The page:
You sign a publishing contract. Your manuscript goes behind a curtain, the publisher waves a magic wand, and BAM! A finished book, right?
Let me start by saying I knew better than that. But I’d like to share a few things authors might be asked to address after the structural editing is completed. Even if you’ve spent a great deal of time on them already, a little more won’t hurt.
!. Characters’ names: Are they different enough from one another so as not to confuse the reader? (My main character’s surname has changed from Thibodeaux to Robichaud, because Thibodeaux was similar to Chanceaux, the dog’s name.) Are they interesting without being too weird or difficult to remember? Are they rare enough or common enough or at least not the names of well-known public figures or celebrities?
2. Word Choice in Dialogue, Internal Monologue, and Narrative: Does every word and phrase spoken or thought by each character sound appropriate for that character? Are the vocabulary and sentence structure in the narrative appropriate for your target audience? Are you willing to “kill your darlings”?
3. Setting and Scene Details: If your novel’s setting is one with which you are familiar, are you careful about details? Do any need to include further clarification because the average reader will not be familiar with the setting? Do your scenes contain enough sensory detail to make them both believable and appropriate to your setting?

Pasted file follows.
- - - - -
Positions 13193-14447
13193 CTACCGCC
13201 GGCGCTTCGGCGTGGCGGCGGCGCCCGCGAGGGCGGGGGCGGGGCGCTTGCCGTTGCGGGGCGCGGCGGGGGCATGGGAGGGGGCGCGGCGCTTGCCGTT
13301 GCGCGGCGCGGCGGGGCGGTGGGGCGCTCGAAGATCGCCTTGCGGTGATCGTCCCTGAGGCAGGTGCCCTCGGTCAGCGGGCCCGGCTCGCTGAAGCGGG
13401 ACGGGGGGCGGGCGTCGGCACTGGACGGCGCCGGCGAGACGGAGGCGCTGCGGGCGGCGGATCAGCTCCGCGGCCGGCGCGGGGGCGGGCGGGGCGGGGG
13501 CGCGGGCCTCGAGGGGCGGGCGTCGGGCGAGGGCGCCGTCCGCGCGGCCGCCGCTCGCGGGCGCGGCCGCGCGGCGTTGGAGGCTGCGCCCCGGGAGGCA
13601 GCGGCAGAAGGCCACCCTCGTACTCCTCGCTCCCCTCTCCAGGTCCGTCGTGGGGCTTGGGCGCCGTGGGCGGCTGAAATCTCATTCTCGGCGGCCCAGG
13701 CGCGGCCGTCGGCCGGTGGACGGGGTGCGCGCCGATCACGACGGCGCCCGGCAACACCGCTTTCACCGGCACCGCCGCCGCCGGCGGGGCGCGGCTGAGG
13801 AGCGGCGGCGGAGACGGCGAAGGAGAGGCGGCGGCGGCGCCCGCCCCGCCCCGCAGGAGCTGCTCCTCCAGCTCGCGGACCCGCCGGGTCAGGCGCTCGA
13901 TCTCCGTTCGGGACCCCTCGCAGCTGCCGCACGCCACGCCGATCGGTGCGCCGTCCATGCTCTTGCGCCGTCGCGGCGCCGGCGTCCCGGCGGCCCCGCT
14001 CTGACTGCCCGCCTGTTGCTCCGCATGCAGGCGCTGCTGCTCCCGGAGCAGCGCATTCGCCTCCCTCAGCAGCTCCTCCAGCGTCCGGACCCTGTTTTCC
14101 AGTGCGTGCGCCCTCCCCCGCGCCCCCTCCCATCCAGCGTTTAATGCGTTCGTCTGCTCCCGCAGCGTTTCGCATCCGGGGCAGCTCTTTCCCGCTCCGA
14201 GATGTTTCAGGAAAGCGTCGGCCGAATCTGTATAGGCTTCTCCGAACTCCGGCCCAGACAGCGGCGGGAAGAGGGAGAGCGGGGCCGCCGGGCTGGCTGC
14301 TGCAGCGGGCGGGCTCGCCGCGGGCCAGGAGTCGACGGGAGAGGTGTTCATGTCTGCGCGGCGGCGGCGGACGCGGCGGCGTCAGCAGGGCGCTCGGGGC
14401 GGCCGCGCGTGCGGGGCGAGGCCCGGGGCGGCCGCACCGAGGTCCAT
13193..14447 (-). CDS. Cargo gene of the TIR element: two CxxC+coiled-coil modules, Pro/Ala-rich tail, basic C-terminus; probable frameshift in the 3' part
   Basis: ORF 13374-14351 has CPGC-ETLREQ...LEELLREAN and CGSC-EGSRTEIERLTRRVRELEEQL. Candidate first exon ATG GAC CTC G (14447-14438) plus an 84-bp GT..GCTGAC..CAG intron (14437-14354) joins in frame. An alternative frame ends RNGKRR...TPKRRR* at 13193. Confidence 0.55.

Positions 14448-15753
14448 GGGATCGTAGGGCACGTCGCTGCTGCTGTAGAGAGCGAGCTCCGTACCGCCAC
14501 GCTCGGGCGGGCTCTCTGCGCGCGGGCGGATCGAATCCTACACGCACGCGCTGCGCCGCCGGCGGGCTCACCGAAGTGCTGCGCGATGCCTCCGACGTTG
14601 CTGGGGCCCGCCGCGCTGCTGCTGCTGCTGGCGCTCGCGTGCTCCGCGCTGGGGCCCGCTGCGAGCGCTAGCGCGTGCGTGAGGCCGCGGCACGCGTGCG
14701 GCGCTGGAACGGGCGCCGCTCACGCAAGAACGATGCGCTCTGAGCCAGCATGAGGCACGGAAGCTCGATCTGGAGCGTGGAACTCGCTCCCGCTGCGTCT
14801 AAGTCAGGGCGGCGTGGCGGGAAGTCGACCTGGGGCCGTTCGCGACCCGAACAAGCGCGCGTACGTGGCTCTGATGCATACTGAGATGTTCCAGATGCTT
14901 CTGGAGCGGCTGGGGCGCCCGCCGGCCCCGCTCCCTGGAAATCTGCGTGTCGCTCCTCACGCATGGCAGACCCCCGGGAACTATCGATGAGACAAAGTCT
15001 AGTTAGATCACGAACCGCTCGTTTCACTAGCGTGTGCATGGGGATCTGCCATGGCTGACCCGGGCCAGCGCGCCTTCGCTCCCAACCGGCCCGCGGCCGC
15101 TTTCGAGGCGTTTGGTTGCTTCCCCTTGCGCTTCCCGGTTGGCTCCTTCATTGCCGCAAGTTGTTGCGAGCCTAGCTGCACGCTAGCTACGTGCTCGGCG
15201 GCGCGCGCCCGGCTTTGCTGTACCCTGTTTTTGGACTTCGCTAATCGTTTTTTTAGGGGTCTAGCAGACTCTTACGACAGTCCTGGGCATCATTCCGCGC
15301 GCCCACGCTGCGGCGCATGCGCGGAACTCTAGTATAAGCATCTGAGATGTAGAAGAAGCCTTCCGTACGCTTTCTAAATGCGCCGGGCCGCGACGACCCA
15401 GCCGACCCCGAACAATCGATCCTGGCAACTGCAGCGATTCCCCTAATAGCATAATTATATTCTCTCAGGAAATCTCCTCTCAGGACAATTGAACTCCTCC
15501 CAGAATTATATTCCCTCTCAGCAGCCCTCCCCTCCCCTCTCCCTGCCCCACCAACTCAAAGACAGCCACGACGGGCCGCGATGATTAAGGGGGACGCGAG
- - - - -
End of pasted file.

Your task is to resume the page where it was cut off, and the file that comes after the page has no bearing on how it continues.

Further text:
3. Blurbs, Back Cover Copy, and Bio: Can the book be summed up in three short sentences–or two–or one? There will be a need for descriptive copy of various lengths, for the cover and for marketing purposes. In your bio, can you portray yourself succinctly and make it sound interesting enough for readers to care about you? (Do you have a good photo of yourself?)
This by no means is meant to be a comprehensive list, but I hope it gets you thinking about the little things before that big break comes your way. Then you will enjoy it even more.